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Romany family, Bucharest, Romania, ©John Cole

Searching For Kushti

Searching For Kushti is a exhibition of photographs by Hungarian Roma photographer, Béla Váradi and New Traveller, Jules Earl, who have been investigating how their own wider communities continue to preserve identity, culture and community, writes HOT reporter/photographer, John Cole.

‘Kushti’ (or cushty), a Romany term for something good, has become a part of everyday English along with many other Romany words such as ‘pal’, ‘wonga’, ‘gibberish’ and ‘lollipop’.

The exhibition is part of “A Town Explores A Book 2022’, celebrating 50 years since Rumer Godden’s young adult novel, The Diddakoi, which tells the story of a half-gypsy girl’s struggle to maintain her travelling culture following the death of her wagon dwelling guardian. Since the novel was published, the demarcation between the nomadic and the settled is less clear than ever. Many Roma no longer travel but guard their traditions. Many New Travellers are second or third generation and were born on the road.

My involvement with Searching for Kushti came about by wonderful chance. At the opening of our group exhibition 14 Months of Solitude, I was chatting with Alex Brattell and Gail Borrow about ‘A Town Explores a Book’ and mentioned that I had photographed the Romanian gypsy community in the early 1990’s. From that conversation, I was invited by Gail to work with Alex in organising an exhibition of photography by Jules and Bela.

Young Romany girl with her grannie, Bucharest, 1990 ©John Cole

Photographing the Romanian gypsy community for the Sunday Correspondent magazine in May 1990 was one of the most enjoyable photo assignments I’ve ever had. The brief from the Correspondent was to document the plight of Romania’s gypsy population after the Romanian Revolution, which led to the fall of Nicolae Ceausescu’s communist government and the emergence of Romania as a democratic and free society.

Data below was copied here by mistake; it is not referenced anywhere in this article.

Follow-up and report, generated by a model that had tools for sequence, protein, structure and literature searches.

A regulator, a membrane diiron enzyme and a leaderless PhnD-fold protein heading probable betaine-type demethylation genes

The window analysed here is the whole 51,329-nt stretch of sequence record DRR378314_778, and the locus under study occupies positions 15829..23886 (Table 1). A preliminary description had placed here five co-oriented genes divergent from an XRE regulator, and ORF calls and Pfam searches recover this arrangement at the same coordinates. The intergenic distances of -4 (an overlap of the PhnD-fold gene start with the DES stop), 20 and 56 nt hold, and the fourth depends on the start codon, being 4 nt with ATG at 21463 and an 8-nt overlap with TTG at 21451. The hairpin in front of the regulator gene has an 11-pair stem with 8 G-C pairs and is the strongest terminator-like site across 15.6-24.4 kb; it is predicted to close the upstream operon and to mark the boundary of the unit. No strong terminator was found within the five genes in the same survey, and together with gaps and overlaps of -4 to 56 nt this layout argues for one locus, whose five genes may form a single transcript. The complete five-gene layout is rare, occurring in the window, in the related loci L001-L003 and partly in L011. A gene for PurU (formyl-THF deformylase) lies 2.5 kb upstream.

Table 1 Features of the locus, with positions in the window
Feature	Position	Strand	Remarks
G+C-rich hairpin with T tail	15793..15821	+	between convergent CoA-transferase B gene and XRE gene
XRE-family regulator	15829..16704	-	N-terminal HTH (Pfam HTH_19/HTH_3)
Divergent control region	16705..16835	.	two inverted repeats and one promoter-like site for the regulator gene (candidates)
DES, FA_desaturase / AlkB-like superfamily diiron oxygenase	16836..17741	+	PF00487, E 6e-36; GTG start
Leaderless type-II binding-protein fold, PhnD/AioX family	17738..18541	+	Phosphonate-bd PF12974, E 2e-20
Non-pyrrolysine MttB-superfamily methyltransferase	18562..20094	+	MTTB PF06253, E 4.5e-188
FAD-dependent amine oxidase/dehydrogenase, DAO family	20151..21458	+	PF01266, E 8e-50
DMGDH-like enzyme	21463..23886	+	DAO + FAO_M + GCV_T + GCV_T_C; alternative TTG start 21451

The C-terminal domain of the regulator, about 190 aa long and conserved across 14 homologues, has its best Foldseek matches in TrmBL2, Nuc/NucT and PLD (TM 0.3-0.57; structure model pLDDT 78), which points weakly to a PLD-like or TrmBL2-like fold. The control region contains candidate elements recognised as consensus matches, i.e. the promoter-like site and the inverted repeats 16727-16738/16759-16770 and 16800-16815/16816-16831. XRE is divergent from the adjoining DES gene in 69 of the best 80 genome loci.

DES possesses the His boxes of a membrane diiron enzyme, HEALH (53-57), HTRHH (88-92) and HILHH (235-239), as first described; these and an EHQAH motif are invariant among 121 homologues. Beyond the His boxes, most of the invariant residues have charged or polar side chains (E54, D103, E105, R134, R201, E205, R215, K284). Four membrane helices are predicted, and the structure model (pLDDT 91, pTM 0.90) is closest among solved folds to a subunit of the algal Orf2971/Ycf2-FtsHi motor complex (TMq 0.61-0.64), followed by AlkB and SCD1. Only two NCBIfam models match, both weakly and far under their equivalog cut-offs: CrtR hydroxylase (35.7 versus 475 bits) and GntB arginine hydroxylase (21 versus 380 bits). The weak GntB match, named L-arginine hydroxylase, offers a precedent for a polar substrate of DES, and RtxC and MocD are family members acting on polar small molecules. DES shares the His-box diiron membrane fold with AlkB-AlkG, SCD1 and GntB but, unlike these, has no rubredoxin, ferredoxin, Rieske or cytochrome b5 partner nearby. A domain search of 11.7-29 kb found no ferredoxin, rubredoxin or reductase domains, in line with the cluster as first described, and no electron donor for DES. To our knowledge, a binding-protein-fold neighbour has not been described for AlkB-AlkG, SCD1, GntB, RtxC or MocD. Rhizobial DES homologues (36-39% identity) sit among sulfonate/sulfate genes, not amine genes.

The only downside to the assignment – and a real eye opener for this slightly naïve American – was the aggressively racist reaction of my Romanian translator, Razvan. His palatable dislike – at times open hatred – of the Romany community was upsetting, to say the least. Eventually, I let him go and hired a young student, Andre, whose command of English was vague at best. But with ample sign language and endless laughter, we managed surprisingly well.

Gypsy Music Festival, Bucharest, 1990 ©John Cole

I concentrated most of my photography in and around the capital Bucharest, visiting a wide variety of Romany families. I spent a day at a tented community just outside Bucharest, where the families had decided to use the brick and mortar houses the new government had given them to house their cattle, while they happily remained in their tents. I travelled for half a day on a horse-drawn carriage, taking photos of the family aboard.

I photographed a wonderfully chaotic Roma wedding, along with several joyously exuberant Romany music and dance festivals. And I spent a day with a local Romany politician, out canvassing for votes in Romania’s first democratic elections. But mostly I photographed Romany families working hard to maintain their customary ways of life during Romania’s turbulent political changes.

‘Searching for Kushti’ is an important exhibition that addresses often-overlooked issues within our society. Jules and Bela have created their own empathetic images of the British Romany and Travellers communities, images that resonate with the time I spent in Romania. It is an exhibition not to be missed.

Searching For Kushti: 50 Years of The Diddakoi

Béla Váradi & Jules Earl

Electro Studios Project Space, Seaside Rd, St Leonards on Sea, TN38 0AL.

2-18 April 2022, Thursday to Sunday and Bank Holiday Monday, 18 April

Gallery open from 12 to 5pm.

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Posted 17:18 Friday, Mar 25, 2022 In: Photography

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